> KDE1/2/3 and now are reacting in a knee-jerk fashion"
i don't know what a knee-jerk is, but i hope i have made at least my
subjective reasoning a bit clearer.

> we aren't screwing the die-hard power users. you are doing yourself
> far too much of a kindness to say that all, or even most, die-hard
> power users like the kind of interfaces that were found throughout
> KDE3 software.
Well of course i mean those who do. Back in the time, those were a
bigger fraction of the kde user herd. Naturally, the user base has grown 
and typical user requirements have shifted. But imho it is harder to 
make a usable interface with all the features exposed and lightening the 
UI from there is a downhill battle... The approach taken is showing the 
negligence towards these users.

> i, btw, am a "die hard power user" (as are many of my close friends,
> some of whom use a Free O/S, many of whom do not (sadly :)) and do
> not count myself in your broad generalization.
If you prefer simplistic interfaces over advanced ones, you are not part
of the group i was labeling 'die hard power users'. Of course i have to
admit 'people who prefer advanced over simple UI' would have been a
better term to choose.

> as for raising emotions, i agree that it does. that some people
> choose to dump this on us is really an unfortunate choice (it
> results in nothing good) and is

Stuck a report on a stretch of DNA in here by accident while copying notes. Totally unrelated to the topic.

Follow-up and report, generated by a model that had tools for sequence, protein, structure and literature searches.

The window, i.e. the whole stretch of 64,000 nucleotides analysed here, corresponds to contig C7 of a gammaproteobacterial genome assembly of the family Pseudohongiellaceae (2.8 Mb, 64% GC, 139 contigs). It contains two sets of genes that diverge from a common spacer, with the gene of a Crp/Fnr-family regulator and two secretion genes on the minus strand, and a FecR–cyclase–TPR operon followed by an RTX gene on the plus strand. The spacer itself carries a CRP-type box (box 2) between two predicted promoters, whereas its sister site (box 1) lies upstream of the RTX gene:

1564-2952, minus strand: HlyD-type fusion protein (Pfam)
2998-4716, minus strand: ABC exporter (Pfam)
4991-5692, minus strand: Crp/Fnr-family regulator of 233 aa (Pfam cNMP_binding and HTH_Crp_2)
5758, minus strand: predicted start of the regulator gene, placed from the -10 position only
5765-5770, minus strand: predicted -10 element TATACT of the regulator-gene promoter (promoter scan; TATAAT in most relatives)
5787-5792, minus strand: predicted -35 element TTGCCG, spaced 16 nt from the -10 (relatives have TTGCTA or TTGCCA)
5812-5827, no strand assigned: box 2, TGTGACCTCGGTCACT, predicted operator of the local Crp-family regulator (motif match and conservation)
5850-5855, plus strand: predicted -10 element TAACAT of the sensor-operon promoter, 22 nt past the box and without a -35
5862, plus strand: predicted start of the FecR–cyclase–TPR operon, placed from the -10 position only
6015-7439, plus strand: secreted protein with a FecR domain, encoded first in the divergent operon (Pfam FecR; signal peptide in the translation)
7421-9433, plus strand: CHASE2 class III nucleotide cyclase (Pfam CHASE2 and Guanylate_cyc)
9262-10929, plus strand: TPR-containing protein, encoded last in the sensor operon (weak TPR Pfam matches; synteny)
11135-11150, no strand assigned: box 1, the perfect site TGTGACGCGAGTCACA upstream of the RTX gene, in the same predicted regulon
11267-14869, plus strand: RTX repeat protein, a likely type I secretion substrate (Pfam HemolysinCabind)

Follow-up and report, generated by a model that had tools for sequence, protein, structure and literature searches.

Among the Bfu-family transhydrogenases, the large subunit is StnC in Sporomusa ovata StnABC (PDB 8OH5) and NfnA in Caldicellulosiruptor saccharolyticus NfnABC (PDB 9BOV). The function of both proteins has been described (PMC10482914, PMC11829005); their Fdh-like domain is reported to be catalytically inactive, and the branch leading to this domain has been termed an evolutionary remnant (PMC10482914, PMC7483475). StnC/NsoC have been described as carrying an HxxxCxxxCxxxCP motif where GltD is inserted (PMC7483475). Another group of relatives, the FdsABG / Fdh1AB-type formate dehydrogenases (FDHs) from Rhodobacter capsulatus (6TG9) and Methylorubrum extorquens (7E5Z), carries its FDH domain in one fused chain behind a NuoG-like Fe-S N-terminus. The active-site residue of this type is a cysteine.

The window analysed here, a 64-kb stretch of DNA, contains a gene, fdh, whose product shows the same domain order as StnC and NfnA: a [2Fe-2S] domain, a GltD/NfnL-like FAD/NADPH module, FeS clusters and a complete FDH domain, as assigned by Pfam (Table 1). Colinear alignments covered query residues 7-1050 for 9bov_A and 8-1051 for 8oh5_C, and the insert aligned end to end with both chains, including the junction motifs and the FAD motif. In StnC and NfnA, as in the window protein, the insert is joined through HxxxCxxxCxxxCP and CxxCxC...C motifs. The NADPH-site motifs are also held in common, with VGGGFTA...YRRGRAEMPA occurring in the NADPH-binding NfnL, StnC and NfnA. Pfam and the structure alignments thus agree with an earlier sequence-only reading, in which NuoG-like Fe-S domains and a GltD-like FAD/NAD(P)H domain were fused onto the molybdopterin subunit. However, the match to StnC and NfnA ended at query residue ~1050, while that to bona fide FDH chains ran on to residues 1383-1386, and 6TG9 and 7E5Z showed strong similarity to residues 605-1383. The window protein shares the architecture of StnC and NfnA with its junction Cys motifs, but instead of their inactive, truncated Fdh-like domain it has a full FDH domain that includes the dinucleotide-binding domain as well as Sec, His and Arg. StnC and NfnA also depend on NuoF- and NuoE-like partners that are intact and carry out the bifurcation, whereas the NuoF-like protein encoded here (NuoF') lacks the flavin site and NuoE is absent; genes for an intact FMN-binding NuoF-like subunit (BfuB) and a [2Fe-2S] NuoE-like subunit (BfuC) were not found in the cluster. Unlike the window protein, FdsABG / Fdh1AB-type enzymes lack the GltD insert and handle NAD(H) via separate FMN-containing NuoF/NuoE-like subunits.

Well i was not trying to dump emotions, but rather inform about the fact
the situation is causing emotions, and why. No offense intended, at all.
If anyone is feeling flouted, please accept my apology.
> rather uncalled for: this is a technical project, not a pottery
> class.
I don't get the remark but i have no reason to contradict this
statement, l0ol ;)

> but in the meantime, you can make everyone else's lives annoying and
Like the millions of people that read kde-core-devel..
> also ensure that we waste time and lose marketshare through such
> moaning and gnashing of teeth. how does that make any sense to you?
Well, of course simply pouring blame is not my intention, but to
contribute my own perspective and criticism of how things are currently
running in order to steer up creative flux. And sorry, kde-core-devel 
threads having a direct influence on 'market share' is purely fictional.

>>> it at least doesn't match the stated purpose of these dialogs.
>> Well who cares about the intended purpose of the dialog
> indeed, why shouldn't my bicycle also be an ice cream maker? how
> useful, as i often bike on hot sunny days.
Taken my statement out of context, your pun might make sense. But i was
specifically referring to the situation: we have a 'file open' dialog,
intended purpose is to choose a file for opening. So should that be the
only possible operation? Should the file objects that are displayed have
less capabilities than in a pure file browser? Don't think so.
Even windows doesn't do that (while gnome goes over the top with it).

>> - if i see files anywhere, i *expect* to have the *freedom* of
>> applying any file operation i might deem fit.
> you have expectations that are unlikely to be fulfilled. we could
> put every possible operation someone might deem fit in there and then
> it would be an awesome tool to do anything ... except what it's